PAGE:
What Meditation did for my Life

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I started meditating in 2015. I had just moved from Australia to the U.K. at the age of 18 years old and knew nobody. I was living in a flat with a cousin that I didn’t know particularly well at the time and I didn’t really have any money to speak of. My life was exciting and different from the life I had known up to that point but at the same time, I felt a profound sense of chaos. The feeling of being genuinely, maddeningly, lost. I had done something that no one else I knew had done yet. Left home. 

I remember one day, after receiving a disappointing rejection from a university course I was hoping to get into, I found myself lying in disbelief on the floor of my apartment. I can still feel the cold tiled floor supporting my weight as I stared at the white ceiling in the middle of the afternoon, utterly bewildered. 

It was around this time, I should add, that I felt for the first time true social anxiety. I struggled to meet people and make friends. All the people I knew and grew up with were a million miles away. I didn’t understand the culture in the U.K. a lot of my humour fell flat and I didn’t know how to talk to people or what to talk about. I started to carry a ball in the centre of my solar plexus that I now know unmistakably as anxious tension. 

So lying on the floor of my apartment in utter bewilderment I realise that I truly didn’t know what to do next. I went searching for something to cling to. Some kind of rock from which I could build a future. I didn’t know what it would be at the time, but what I found was meditation. More specifically, meditation via the Headspace app which I still use today.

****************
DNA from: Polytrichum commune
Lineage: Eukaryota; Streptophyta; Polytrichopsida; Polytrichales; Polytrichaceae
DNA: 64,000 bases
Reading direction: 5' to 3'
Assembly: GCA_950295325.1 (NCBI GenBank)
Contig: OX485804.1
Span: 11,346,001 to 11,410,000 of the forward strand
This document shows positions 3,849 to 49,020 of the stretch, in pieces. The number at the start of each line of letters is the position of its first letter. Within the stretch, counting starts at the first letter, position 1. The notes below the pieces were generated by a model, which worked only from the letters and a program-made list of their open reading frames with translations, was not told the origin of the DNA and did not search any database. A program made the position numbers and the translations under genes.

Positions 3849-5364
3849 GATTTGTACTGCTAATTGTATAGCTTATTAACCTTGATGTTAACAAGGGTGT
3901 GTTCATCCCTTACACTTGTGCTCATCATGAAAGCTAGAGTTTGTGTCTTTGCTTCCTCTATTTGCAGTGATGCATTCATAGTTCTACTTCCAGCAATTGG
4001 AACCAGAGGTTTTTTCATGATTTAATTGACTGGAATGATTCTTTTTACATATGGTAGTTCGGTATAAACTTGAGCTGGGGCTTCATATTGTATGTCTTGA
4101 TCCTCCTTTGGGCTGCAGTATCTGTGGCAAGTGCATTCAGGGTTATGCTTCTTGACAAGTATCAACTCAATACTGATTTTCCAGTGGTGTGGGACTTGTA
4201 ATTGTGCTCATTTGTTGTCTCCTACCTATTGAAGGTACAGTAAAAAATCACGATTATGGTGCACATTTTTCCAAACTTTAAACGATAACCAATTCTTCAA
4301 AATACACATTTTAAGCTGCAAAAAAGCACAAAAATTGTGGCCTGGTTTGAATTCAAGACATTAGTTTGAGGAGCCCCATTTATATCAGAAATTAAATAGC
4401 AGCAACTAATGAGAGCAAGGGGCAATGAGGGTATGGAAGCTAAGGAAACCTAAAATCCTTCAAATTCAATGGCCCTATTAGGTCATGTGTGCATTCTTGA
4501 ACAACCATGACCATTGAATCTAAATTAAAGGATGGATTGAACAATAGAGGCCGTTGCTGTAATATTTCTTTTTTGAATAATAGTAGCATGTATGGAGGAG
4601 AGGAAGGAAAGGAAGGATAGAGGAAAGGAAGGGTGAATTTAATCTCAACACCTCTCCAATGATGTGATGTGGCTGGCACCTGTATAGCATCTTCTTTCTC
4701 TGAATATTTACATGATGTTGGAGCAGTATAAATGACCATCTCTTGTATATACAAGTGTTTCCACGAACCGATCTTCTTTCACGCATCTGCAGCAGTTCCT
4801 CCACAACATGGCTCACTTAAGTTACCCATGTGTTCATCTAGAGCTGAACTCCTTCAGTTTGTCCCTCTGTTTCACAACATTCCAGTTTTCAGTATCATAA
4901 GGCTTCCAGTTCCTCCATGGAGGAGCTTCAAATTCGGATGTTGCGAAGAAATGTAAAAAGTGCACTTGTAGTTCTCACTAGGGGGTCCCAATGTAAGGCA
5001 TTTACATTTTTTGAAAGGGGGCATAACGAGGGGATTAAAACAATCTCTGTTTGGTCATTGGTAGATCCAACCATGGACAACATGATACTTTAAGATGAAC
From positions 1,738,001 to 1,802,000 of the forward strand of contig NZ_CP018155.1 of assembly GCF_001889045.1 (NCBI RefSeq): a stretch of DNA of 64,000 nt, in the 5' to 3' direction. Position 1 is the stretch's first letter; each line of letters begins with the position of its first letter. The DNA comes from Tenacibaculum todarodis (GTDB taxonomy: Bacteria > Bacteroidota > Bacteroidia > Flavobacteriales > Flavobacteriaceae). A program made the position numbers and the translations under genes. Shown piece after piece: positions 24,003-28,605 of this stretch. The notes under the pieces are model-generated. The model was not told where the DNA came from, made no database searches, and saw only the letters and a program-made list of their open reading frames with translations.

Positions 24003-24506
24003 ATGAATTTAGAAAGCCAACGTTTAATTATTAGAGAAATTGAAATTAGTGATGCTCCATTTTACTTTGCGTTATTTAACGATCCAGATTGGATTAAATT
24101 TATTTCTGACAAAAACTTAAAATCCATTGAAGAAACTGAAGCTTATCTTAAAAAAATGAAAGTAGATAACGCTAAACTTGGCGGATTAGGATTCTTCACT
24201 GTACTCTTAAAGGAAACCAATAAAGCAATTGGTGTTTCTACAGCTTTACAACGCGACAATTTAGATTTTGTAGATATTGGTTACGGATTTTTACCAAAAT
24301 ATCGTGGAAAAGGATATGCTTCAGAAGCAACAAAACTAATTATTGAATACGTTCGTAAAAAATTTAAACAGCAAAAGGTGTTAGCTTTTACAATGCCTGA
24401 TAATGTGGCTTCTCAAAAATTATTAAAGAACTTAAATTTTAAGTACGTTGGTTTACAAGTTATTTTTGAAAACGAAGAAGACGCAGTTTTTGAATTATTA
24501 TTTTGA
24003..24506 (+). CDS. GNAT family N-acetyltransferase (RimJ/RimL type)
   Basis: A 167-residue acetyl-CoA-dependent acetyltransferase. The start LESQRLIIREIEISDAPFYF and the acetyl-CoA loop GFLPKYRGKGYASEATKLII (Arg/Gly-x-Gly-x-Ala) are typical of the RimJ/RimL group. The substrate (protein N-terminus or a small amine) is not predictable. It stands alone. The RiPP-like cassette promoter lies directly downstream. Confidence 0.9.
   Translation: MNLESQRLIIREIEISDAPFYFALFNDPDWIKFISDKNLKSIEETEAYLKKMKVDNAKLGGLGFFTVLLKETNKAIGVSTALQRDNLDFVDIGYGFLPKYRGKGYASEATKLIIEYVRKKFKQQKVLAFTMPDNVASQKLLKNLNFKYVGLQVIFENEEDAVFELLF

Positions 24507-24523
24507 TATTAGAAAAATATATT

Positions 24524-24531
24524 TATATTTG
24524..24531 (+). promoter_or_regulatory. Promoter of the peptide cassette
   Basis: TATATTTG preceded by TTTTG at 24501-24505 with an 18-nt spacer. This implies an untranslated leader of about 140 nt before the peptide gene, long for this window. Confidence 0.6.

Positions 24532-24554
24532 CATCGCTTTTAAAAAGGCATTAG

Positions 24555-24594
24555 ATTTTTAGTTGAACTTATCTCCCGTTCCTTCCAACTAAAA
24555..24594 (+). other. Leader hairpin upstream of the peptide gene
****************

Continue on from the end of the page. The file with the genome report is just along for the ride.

Mediation gave me a way forward. In so much as it gave me an awareness of myself and the world around me that was deeper than I had ever previously experienced. It required two things of me, patience and discipline. It asked of me that I take 15 minutes out of my day, every day, and spend it focusing on my breath. Concentrating on the sensation of breathing in and out. Feeling my lungs fill with air and my muscles loosen from tension as I breathe out. Noticing thoughts when they arise in my mind but not trying to stop them or push them away but accepting them and bringing my attention back to my breath. 

In the weeks, months and years that followed I experienced the nature of my mind changing. I could see things in more detail and hear with greater clarity. Pieces of music I had heard a thousand times over seemed to me to be new and alive with variety I hadn’t previously noticed. I could focus easier on my work and felt less stressed about upcoming deadlines as well as felt calmer in relation to the important aspects of my life. 

Whereas before I would spend hours thinking about what I was doing wrong or how I could appear more socially acceptable I now started to feel comfortable in who I was and more interested in things outside of myself. That awful ball of tension that I carried in my stomach loosened and eventually disappeared entirely. Now when I feel it I know it’s in reaction to something that is making me anxious. I become aware of what is provoking that feeling and I can sit with it in the knowledge that it will pass. 

So many things in my life improved as a result of being able to recognise the world around me and the world inside me. By having a greater awareness of the things that were making me feel uncomfortable those stresses were lessened and my overall happiness improved. This was the gift that mediation brought to my life. 

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